Beyond the availability of regional satellite systems, mobile device 140 can access information with which to limit the search for signals from a particular regional satellite vehicle. This can include limiting a Doppler search for QZSS satellite vehicles based upon the location identifier received from transmitter 130. For example, the Doppler shift of signals from QZSS satellite vehicles 120-QZ is location dependent. It is generally about ±250 m/s in Japan, but can reach ±500 m/s in Australia. In the worst-case scenario, the QZSS Doppler shift is around ±650 m/s. Thus, if the identifier indicates Japan as being the rough location, the search range for the QZSS satellite vehicles 120-QZ can be restricted to frequencies corresponding to Doppler shifts of about ±250 m/s to significantly improve search times.

It will be recognized that the present invention is not limited to a particular geographic region or to a particular regional satellite system. Instead, embodiments of the present invention broadly encompass determining the availability of RNSS systems based upon a location identifier and identifying satellite vehicles within the available RNSS systems. Also, it will be understood that satellite identifiers such as pseudo random number (PRN) codes and frequency channel numbers can be used to identify specific SVs within a regional satellite system. Frequency channel numbers, for example, can be used with satellite systems like Glonass which transmit signals using frequency division multiple access (FDMA) or like techniques. Information about available RNSS systems and their satellites is accessed to improve search performance and enhance position location determination. Accordingly, it is specifically contemplated that embodiments of the present invention can be used with existing and future regional satellite systems without limitation.

FIG. 2 is a functional block diagram of an embodiment of mobile device 140. As shown, mobile device 140 includes an RF transceiver 220 and a satellite receiver 260 both of which are coupled to antenna 210. RF transceiver 220 is also coupled to baseband processor 230. On the receive path, RF transceiver 220 receives an incoming RF signal and delivers it to baseband processor 230. Baseband processor 230 recovers information from the RF signal. For example, baseband processor 230 can demodulate and decode the received signal in addition to performing other signal processing functions. On the transmit path, baseband processor 230 performs coding and modulation of data received from processor 240 and delivers the outgoing RF signal to RF transceiver 220.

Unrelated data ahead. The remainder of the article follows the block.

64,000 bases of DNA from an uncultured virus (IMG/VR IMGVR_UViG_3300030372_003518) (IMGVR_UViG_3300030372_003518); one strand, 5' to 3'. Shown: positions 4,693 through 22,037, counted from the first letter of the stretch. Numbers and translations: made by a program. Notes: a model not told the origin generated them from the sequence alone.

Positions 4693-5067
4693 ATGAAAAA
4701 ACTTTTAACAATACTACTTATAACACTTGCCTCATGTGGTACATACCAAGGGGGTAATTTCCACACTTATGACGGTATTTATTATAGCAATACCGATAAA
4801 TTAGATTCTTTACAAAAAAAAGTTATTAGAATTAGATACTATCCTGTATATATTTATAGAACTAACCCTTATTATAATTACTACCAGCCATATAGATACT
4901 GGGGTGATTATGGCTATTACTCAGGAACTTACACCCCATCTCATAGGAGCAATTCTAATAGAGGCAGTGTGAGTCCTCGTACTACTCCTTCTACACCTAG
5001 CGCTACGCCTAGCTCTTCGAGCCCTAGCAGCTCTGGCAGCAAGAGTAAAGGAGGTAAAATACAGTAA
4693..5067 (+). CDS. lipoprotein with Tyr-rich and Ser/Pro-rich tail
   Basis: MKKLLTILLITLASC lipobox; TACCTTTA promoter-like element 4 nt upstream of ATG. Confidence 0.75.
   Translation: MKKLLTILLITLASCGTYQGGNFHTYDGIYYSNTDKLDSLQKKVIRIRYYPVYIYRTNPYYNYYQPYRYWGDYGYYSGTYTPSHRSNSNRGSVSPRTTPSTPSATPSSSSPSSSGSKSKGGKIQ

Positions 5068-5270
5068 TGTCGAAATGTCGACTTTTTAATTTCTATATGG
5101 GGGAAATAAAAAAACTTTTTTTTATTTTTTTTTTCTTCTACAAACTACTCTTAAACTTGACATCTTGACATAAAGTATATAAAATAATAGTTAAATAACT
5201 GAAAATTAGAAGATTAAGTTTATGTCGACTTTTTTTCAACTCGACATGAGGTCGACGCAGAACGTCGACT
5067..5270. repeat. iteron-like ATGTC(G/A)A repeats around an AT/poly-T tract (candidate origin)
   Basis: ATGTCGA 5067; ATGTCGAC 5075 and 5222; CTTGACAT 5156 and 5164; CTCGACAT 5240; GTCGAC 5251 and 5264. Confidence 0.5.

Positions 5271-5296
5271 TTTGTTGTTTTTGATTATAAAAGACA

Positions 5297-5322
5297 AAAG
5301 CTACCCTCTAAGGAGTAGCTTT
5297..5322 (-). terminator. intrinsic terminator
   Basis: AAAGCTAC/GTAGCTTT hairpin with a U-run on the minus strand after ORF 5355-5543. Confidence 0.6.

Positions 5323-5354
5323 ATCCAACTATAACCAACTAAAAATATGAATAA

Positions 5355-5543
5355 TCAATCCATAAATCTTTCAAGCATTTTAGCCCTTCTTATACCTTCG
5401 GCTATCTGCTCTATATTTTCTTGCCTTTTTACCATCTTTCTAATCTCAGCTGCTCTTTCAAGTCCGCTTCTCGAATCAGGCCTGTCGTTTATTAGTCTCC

In various embodiments, processor 240 obtains a location identifier from the data recovered by baseband processor 230. As previously discussed, the location identifier can be a country code transmitted by a cellular base station, world time zone information, network address, or like data indicative of a particular geographic area. Memory 250 stores information for determining the availability of one or more regional satellite systems as well as identifiers for the particular regional satellite vehicles. Additionally, memory 250 may store Doppler search ranges for the regional satellite vehicles at particular locations. In some embodiments, memory 250 includes a non-volatile storage element such as a flash memory or battery-powered static random access memory (SRAM) device.

FIGS. 3A-3B show exemplary data structures 300 such as can be used to supply information about a satellite in a regional satellite system. Each data structure may include an array of individual data elements and may be stored in memory 250 for access by processor 240. For example, data structures 300 may include data elements for each satellite in each regional satellite system. In some embodiments, memory 250 stores several different data structures 300 each of which can be indexed according to one or more location identifiers and which can be updated by processor 240.